Obama’s greatest argument against Netanyahu is simple and dispositive: The Israelis have not offered a better solution to the Iranian challenge. But the fact that Netanyahu has no actual ideas—other than strategies that lead to endless sanctions of diminishing effectiveness and bombing runs of similarly dubious long-term effectiveness—does not absolve the Obama administration of its responsibility to secure the toughest deal possible.
This is a very dangerous moment for Obama and for the world. He has made many promises, and if he fails to keep them—if he inadvertently (or, God forbid, advertently) sets Iran on the path to the nuclear threshold, he will be forever remembered as the president who sparked a nuclear-arms race in the world’s most volatile region, and for breaking a decades-old promise to Israel that the United States would defend its existence and viability as the nation-state of the Jewish people.
In an interview with me three years ago, President Obama said he was motivated to prevent Iran from obtaining a nuclear weapon in part because he worried that a nuclear Iran would cause its many Middle East rivals to pursue their own nuclear programs.
“It will not be tolerable to a number of states in that region for Iran to have a nuclear weapon and them not to have a nuclear weapon,” he said. “Iran is known to sponsor terrorist organizations, so the threat of proliferation becomes that much more severe.” He went on, “The only analogous situation is North Korea. We have applied a lot of pressure on North Korea as well and, in fact, today found them willing to suspend some of their nuclear activities and missile testing and come back to the table. But North Korea is even more isolated, and certainly less capable of shaping the environment (around it) than Iran is. And so the dangers of an Iran getting nuclear weapons that then leads to a free-for-all in the Middle East is something that I think would be very dangerous for the world.”
If Saudi Arabia, Egypt, and Turkey respond to an Iran nuclear agreement by ramping up their own nuclear programs, we may be able to judge the deal a provisional failure.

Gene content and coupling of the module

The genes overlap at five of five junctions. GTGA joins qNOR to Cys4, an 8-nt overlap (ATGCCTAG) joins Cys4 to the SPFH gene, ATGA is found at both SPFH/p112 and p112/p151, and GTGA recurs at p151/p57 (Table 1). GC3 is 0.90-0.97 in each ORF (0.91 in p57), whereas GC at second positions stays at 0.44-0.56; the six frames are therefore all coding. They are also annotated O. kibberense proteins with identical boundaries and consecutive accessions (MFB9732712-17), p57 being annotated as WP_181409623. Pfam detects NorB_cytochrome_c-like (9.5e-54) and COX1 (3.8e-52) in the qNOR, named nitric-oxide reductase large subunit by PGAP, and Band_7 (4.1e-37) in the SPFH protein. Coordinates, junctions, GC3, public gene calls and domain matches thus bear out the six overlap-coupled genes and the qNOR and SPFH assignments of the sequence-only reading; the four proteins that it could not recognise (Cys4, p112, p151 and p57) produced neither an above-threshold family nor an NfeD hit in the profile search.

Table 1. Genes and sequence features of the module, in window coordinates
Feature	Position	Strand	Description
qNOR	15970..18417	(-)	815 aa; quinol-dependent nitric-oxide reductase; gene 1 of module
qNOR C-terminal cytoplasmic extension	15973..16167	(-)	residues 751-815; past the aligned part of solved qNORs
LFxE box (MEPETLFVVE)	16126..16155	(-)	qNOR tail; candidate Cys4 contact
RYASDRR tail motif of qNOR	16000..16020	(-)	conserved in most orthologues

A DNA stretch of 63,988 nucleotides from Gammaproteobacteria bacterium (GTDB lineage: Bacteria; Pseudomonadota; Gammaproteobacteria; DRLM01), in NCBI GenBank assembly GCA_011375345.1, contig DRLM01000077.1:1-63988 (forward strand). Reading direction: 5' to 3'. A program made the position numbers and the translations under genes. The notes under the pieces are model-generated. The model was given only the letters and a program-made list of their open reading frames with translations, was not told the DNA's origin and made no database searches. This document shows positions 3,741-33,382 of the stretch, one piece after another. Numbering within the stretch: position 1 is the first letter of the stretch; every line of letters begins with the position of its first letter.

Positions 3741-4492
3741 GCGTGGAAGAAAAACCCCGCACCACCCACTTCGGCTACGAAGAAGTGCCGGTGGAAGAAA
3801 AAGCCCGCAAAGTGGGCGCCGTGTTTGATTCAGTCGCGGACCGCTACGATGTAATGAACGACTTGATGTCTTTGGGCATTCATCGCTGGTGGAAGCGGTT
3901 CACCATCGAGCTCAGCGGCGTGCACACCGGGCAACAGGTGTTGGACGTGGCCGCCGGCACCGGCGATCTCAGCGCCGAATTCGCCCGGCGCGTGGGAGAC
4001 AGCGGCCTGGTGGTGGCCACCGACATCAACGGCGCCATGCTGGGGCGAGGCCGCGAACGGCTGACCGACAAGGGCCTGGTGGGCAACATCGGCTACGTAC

On Israel, here’s the promise Obama made that stays with me the most: “I think that the Israeli government recognizes that, as president of the United States, I don’t bluff,” he said. “I also don’t, as a matter of sound policy, go around advertising exactly what our intentions are. But I think both the Iranian and the Israeli government recognize that when the United States says it is unacceptable for Iran to have a nuclear weapon, we mean what we say.” He went on to say four words that have since become famous: “We’ve got Israel’s back.”
Netanyahu obviously believes that Obama doesn't have his, or Israel's, back. There will be no convincing Netanyahu that Obama is anything but a dangerous adversary. But if a consensus forms in high-level Israeli security circles (where there is a minimum of Obama-related hysterics) that the president has agreed to a weak deal, one that provides a glide path for Iran toward the nuclear threshold, then we will be able to say, fairly, that Obama's promises to Israel were not kept. One of Netanyahu’s most strident critics, Meir Dagan, the former head of the Mossad intelligence agency, said recently, “A nuclear Iran is a reality that Israel won't be able to come to terms with.”
He went on to say, “Two issues in particular concern me with respect to the talks between the world powers and Iran: What happens if and when the Iranians violate the agreement, and what happens when the period of the agreement comes to an end and they decide to pursue nuclear weapons?”
In the coming weeks, President Obama must provide compelling answers to these questions.